Under Review: The Apples In Stereo – Travellers In Space And Time

Since founding his neon power-pop project Apples In Stereo in 1992, leader Robert Schneider has taken his group on a journey from one brightly-colored sound to another.  While the Apples have always maintained some reverence for pop of the ‘60s and ‘70s, Schneider has never ceased exploring the limits of accessible pop music, often injecting dissonance and noise into otherwise cheery songs.  New Magnetic Wonder, the last full Apples album, explored what Schneider called the Non-Pythagorean Scale: a new musical series meant to challenge our traditional notions of pleasing tonality.  It was heady stuff, for sure, but the outcome was a handful of sound experiments that served as the bridges between some unabashedly fun and catchy numbers.  The Apples’ new album, Travellers In Space And Time, seems to ditch the vanguard act in favor of a glitzy and retro-futuristic romp through disco and new wave.  Beginning with “The Code,” a Man Or Astro-Man?-esque found instructional recording, Travellers gets to its point very quickly and effectively with the piano-led “Dream About The Future.”  The song also presents Schneider’s latest vocal style: a squealing, possibly manipulated falsetto.  Even if his voice is aided by a processor (“Told You Once”) or Vocoder (the mechanized “C.P.U.”), it’s all in the name of capturing the spirit of an era.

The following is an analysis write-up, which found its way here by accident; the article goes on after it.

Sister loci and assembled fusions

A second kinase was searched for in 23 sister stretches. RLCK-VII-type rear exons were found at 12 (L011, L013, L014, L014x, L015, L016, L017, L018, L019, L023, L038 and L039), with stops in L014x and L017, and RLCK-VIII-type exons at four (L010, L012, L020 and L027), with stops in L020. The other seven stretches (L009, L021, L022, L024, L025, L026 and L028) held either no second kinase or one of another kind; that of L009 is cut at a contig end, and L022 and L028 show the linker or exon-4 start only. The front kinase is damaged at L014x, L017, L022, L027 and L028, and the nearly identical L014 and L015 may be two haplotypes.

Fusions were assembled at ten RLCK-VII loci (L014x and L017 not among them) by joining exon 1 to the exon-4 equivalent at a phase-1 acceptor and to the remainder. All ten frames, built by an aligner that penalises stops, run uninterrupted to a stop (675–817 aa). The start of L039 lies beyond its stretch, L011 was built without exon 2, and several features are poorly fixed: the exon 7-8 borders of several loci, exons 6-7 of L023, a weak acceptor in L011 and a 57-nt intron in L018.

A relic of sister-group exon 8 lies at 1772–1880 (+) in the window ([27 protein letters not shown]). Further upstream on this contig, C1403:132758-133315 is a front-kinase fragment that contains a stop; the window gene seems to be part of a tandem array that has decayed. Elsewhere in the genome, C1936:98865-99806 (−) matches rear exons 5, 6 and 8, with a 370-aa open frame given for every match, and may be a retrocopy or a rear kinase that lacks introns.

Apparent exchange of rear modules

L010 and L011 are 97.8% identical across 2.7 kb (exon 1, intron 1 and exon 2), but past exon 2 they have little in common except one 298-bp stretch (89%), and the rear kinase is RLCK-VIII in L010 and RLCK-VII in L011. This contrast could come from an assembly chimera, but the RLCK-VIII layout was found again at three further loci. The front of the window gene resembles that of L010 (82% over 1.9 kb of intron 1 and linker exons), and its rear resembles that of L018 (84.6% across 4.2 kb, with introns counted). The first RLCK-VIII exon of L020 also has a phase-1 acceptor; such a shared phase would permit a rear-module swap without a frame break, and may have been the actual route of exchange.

The sci-fi themes implied by the album’s title do show up on tracks like “Floating In Space” and closer “Time Pilot,” but the motif isn’t prevalent enough for this to really be considered a concept album.  Still, there are some mighty fine and enjoyable moments to be found on Travellers.  “No Vacation” is a bouncy yet expertly controlled exercise in handclaps and “ooh”-ing background vocals.  The fluid, acrobatic melody of “Dignified Dignitary” is complimented by its frequent stops and instrumental dropouts; both hallmarks of ‘70s glam-pop.  A few of the songs on Travellers wear their influences more overtly, but since the Apples have always shown themselves to be true music fans, allusions to Magical Mystery Tour (“Wings Away”) or Odessey & Oracle (“It’s All Right”) don’t come across as contrived.  The Apples In Stereo can’t be effectively criticized for their work because it’s so contagiously amusing that even alleged non-fans are sure to crack a smile.  Schneider might still be in search of the discovery that will elevate him to the level of musical pioneer, but as long as he still cranks out an Apples In Stereo record every few years, we’ll have some great stuff to listen to while he seeks that elusive note.


~ by E. on April 21, 2010.

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